An axle is a central shaft for a rotating wheel or gear. In some cases the axle may be fixed in position with a bearing or bushing sitting inside the hole in the wheel or gear to allow the wheel or gear to rotate around the axle. In other cases the wheel or gear may be fixed to the axle, with bearings or bushings provided at the mounting points where the axle is supported. Sometimes, especially on bicycles, the latter type is referred to as a spindle.
Axles are an integral structural component of a wheeled vehicle. The axles maintain the position of the wheels relative to each other and to the vehicle body. Since for most vehicles the wheels are the only part touching the ground, the axles must bear the weight of the vehicle plus any cargo, as well as acceleration and braking forces. In addition to the structural purpose, axles may serve one or more of the following purposes depending on the design of the vehicle.
- Drive: One or more axles may be an integral part of the drivetrain. A mechanical system (typically a motor) exerts a rotational force on the axle, which is transferred to the wheel(s) to accelerate the vehicle.
- Braking: Conversely a vehicle may be slowed by applying force to brake the rotation of the axle. Most vehicles' brakes are part of the wheel assembly and then exert torque to the wheels directly, but engine braking may still be effected via the axle.
- Steering: The front axle of most automobiles is a steering axle. The vehicle is maneuvered by controlling the direction of the front wheels' rotational axis relative to the body and rear wheels.
A straight axle is a single rigid shaft connecting a wheel on the left side of the vehicle to a wheel on the right side. The axis of rotation fixed by the axle is common to both wheels. Such a design can keep the wheel positions steady under heavy stress, and can therefore support heavy loads. Straight axles are used on trains, for the rear axles of commercial trucks, and on heavy duty off-road vehicles. The axle can be protected and further reinforced by enclosing the length of the axle in a housing.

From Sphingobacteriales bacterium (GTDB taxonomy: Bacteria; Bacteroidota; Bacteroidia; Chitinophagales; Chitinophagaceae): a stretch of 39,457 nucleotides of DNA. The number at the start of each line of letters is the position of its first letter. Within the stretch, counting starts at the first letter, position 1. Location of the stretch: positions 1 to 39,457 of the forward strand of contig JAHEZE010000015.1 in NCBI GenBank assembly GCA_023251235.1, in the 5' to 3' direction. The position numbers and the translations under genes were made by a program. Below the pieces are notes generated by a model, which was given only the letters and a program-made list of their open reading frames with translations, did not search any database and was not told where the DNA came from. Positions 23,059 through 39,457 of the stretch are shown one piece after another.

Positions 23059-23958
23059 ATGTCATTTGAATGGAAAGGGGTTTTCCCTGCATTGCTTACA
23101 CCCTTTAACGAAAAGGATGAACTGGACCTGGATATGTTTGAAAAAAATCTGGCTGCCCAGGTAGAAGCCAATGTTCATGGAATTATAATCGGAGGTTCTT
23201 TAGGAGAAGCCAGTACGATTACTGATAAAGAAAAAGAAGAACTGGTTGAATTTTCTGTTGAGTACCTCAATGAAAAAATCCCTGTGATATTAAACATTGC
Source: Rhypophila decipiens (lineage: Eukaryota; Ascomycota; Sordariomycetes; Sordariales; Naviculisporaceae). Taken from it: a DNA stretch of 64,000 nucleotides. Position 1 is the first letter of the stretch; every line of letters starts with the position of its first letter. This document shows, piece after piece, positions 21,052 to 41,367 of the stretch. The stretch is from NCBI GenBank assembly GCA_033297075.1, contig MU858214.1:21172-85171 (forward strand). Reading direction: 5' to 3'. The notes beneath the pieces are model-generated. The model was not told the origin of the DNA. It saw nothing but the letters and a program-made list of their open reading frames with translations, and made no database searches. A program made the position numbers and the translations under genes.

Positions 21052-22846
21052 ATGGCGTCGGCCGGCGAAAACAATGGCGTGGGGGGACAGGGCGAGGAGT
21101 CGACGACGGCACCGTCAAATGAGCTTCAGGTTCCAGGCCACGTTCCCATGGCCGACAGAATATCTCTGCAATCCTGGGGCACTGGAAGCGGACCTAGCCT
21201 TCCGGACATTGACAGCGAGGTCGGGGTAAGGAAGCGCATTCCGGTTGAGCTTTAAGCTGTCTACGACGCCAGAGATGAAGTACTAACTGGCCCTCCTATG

In split-axle designs, the wheel on each side is attached to a separate shaft. Modern passenger cars have split drive axles. In some designs, this allows independent suspension of the left and right wheels, and therefore a smoother ride. Even when the suspension is not independent, split axles permit the use of a differential, allowing the left and right drive wheels to be driven at different speeds as the automobile turns, improving traction and extending tire life.
A tandem axle is a group of two or more axles situated close together. Trucks designs will use such a configuration to provide a greater weight capacity than a single axle. Semi trailers usually have a tandem axle at the rear.
An axle that is driven by the engine is called a drive axle.
Modern front wheel drive cars typically combine the transmission and front axle into a single unit called a transaxle. The drive axle is a split axle with a differential and universal joints between the two half axles. Each half axle connects to the wheel by use of a constant velocity (CV) joint which allows the wheel assembly to move freely vertically as well as to pivot when making turns.